Next in passenger self-service: DIY lost luggage recovery

Self-service has been progressing rapidly in the airline industry in the past decade, providing passengers with more control, choice, and efficiency. Airlines such as KLM and Air Canada even let passengers print their own baggage tags, attach it to their baggage and place their bags on the conveyor belt at the drop-off area. Lufthansa lets passengers board independently. A scanner reads the bar code on the boarding pass or cellphone and flaps on the gates open (like in the subway) as each passenger is cleared by the airline computer. 

Next in line is self-service baggage recovery. Announced mid-2009 by SITA, two kiosks are now up and running at Copenhagen Airport in a test by Star Alliance to improve service to customers whose bags didn’t arrive with them. Now when bags are lost, the passenger has to spend considerable time filling out forms and making arrangements with the airline for the return of the missing cases. SAS and six other Star Alliance airlines (bmi, LOT, TAP, Blue1, Adria Airways, and Thai) are participating in the project. The kiosks will be tested for three months after which a decision will be made whether to expand the kiosk programme to other airports. In August 2009, ground services provider Swissport in partnership with SkyAssist introduced a similar ‘Lost & Found self-service kiosk’ at Geneva Airport.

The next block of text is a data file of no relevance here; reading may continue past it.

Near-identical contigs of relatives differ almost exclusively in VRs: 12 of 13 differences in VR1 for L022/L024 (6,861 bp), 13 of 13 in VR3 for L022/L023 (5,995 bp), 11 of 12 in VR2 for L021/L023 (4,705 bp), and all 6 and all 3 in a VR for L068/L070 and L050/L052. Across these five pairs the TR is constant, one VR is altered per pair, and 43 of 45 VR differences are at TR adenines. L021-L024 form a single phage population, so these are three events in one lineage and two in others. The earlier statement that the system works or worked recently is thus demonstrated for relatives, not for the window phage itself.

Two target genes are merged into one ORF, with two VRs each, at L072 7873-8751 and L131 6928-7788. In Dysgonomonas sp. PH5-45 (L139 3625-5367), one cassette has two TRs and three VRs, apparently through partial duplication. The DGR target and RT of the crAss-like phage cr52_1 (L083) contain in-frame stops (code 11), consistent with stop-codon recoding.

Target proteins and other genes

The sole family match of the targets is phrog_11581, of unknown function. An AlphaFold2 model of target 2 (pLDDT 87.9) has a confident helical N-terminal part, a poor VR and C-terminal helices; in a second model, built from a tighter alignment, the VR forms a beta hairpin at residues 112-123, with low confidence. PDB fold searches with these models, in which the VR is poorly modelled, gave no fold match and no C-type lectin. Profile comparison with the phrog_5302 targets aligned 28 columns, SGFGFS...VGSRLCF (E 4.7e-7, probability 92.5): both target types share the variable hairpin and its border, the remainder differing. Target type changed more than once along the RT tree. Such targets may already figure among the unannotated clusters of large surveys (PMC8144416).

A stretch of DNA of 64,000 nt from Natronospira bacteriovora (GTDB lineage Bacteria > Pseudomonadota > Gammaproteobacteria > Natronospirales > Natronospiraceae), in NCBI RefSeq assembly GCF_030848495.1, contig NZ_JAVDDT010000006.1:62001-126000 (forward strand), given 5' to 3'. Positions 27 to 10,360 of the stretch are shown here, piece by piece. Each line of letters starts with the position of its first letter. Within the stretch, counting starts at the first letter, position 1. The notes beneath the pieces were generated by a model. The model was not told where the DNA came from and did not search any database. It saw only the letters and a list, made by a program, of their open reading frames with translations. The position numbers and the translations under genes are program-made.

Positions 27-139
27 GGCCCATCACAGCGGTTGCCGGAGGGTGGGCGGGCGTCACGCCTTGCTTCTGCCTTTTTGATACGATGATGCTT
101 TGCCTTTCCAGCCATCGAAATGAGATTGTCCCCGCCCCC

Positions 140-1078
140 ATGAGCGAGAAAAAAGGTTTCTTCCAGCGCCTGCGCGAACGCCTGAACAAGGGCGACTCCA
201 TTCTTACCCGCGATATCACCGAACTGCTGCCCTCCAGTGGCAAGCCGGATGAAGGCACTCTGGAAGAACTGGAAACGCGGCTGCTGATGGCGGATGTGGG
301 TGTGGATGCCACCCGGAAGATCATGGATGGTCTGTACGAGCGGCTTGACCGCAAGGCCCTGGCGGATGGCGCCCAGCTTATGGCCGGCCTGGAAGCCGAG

How it works: Traveller scan-in their boarding pass with their flight’s details, describe the missing item on a touchscreen and enter their contact details for the item’s delivery. Once they have entered the information required, the traveller will receive a printout from the machine giving the airline’s contact details together with a status report on whether the item has already been found and/or when the customer can expect to receive it. A claims ID number allows the passenger to remain informed of the status of their baggage, either online or through a call centre. 

According to Swissport, initial experience suggests that this new form of lost-baggage reporting has been well received by the travelers using it, not least because they feel they are contributing directly and actively to the baggage tracing process, rather than dealing with the busy phone lines of the airline or the airport concerned.

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